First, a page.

Exercise Music: Tunes to Get Fit By
Want to have more fun and work out harder? Exercise with music, experts say.
Kolber relies on music for her own workouts: "If I forget my
headphones," she says, "sometimes I leave the gym. I just can't work
Here are eight tips from our experts on how to choose exercise music and use
music to enhance your fitness:
1. Use technology. Surely you remember buying your first
album? Or, depending on how early you discovered the joys of music, maybe it
was an eight-track tape. Remember spending hours trying to make cassette music
mixes for friends? Those days are over. With iTunes and other music downloading
web sites, you can easily download a variety of music for your MP3 player,
customize your listening system to whatever inspires you, then groove for
hundreds of hours.
2. Get personal. If the person next to you is rocking out
to "Black Horse and the Cherry Tree" by KT Tunstall, but you've never
ventured past your Credence Clearwater Revival days, so be it. "Music is
very subjective," says Alan. So if you have fine memories of dancing to
Madonna and old-school Michael Jackson, don't let your husband talk you into
putting an old Kiss song on your playlist.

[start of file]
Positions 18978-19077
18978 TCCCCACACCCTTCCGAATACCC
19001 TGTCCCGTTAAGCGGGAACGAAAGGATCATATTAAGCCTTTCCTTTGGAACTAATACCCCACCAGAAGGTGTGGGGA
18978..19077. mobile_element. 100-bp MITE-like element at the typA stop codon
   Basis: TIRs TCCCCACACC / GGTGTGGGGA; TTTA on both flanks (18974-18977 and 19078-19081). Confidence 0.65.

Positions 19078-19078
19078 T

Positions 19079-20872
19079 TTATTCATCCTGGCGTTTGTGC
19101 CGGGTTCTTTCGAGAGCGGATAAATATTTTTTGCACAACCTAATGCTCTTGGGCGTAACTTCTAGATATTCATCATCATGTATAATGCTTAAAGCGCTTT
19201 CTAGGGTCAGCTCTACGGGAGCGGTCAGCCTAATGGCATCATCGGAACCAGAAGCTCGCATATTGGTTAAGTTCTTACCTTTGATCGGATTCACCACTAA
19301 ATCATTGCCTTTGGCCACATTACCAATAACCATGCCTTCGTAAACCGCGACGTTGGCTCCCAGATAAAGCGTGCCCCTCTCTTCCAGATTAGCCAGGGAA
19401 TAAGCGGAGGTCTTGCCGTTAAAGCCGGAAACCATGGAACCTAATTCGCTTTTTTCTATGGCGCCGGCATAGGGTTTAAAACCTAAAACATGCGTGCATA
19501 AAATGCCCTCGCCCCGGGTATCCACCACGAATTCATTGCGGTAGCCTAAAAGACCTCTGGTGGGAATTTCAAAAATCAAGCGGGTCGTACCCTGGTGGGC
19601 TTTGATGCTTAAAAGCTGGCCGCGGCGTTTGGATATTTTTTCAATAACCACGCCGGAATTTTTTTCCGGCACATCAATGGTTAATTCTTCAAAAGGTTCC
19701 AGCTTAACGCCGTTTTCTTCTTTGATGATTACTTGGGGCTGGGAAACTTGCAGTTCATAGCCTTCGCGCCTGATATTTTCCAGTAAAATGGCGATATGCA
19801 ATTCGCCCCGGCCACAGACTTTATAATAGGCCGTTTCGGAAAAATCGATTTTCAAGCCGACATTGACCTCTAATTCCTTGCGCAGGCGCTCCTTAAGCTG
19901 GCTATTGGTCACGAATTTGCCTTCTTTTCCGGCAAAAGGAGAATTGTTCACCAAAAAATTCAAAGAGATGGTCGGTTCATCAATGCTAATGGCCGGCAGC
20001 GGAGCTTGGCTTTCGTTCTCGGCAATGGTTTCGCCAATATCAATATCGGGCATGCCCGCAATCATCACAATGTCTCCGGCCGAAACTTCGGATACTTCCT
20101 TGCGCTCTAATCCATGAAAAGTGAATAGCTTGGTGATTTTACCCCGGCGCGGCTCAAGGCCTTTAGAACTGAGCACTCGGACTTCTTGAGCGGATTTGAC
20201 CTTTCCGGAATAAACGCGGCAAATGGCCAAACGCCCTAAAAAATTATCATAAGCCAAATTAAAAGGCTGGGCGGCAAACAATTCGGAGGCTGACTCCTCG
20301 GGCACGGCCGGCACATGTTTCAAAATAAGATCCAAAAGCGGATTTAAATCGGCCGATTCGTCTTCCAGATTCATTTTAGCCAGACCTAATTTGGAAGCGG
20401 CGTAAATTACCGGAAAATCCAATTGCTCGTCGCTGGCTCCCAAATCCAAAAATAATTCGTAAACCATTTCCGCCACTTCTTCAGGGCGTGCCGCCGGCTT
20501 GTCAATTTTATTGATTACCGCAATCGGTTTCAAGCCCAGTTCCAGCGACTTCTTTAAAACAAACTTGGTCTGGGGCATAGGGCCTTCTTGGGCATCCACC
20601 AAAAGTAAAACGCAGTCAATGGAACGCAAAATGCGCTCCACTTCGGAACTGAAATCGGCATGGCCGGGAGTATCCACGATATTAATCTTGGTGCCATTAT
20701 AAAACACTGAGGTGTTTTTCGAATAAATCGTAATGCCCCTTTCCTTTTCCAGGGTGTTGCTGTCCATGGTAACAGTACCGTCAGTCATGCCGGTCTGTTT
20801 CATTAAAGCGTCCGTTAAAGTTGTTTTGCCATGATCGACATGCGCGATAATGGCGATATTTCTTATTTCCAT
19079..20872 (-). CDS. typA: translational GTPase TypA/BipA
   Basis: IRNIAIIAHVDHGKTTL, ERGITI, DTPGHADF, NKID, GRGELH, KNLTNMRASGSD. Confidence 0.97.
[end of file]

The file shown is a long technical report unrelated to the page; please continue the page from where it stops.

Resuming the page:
3. Get rhythm. You don't have to play an instrument or be
able to read music to be "musical," says Alan. When exercising to
music, many people automatically match the cadence of their movement to the
tempo and rhythm of the song that's playing. If you tend to do that, keep it
upbeat. You may love the mellow sounds of Josh Groban, but save that for a
stretch or Pilates workout, rather than trying to power walk to it.
"Play around," advises Kolber. "Put two songs together with
different tempos. Make one a little faster and one slower," and see how it
affects your pace. If you tend to match your stride to the beat, she says, it's
more important to choose rhythmic songs that will keep your cadence up.
4. Outsmart yourself. Kolber says she creates mixes with a
strong, motivating tune every three or four songs, because that's when she
tends to fade. Know yourself, she advises. Acknowledge your weak points and
stay one step ahead of yourself.
"Right around 25 minutes, when you're just dying to get off, pop in some
strong songs during that time to get you through," she says.
5. Make your playlists before you hit the gym. This can be
a great stall tactic: Getting to the gym, waiting for your favorite treadmill
to become available, then choosing the songs you want to listen to, one by one.
You won't get the same workout if you're continually stopping to switch
playlists or find a better song. Create your music mix before leaving the
house, or, when you have some spare time, create a few workout music mixes to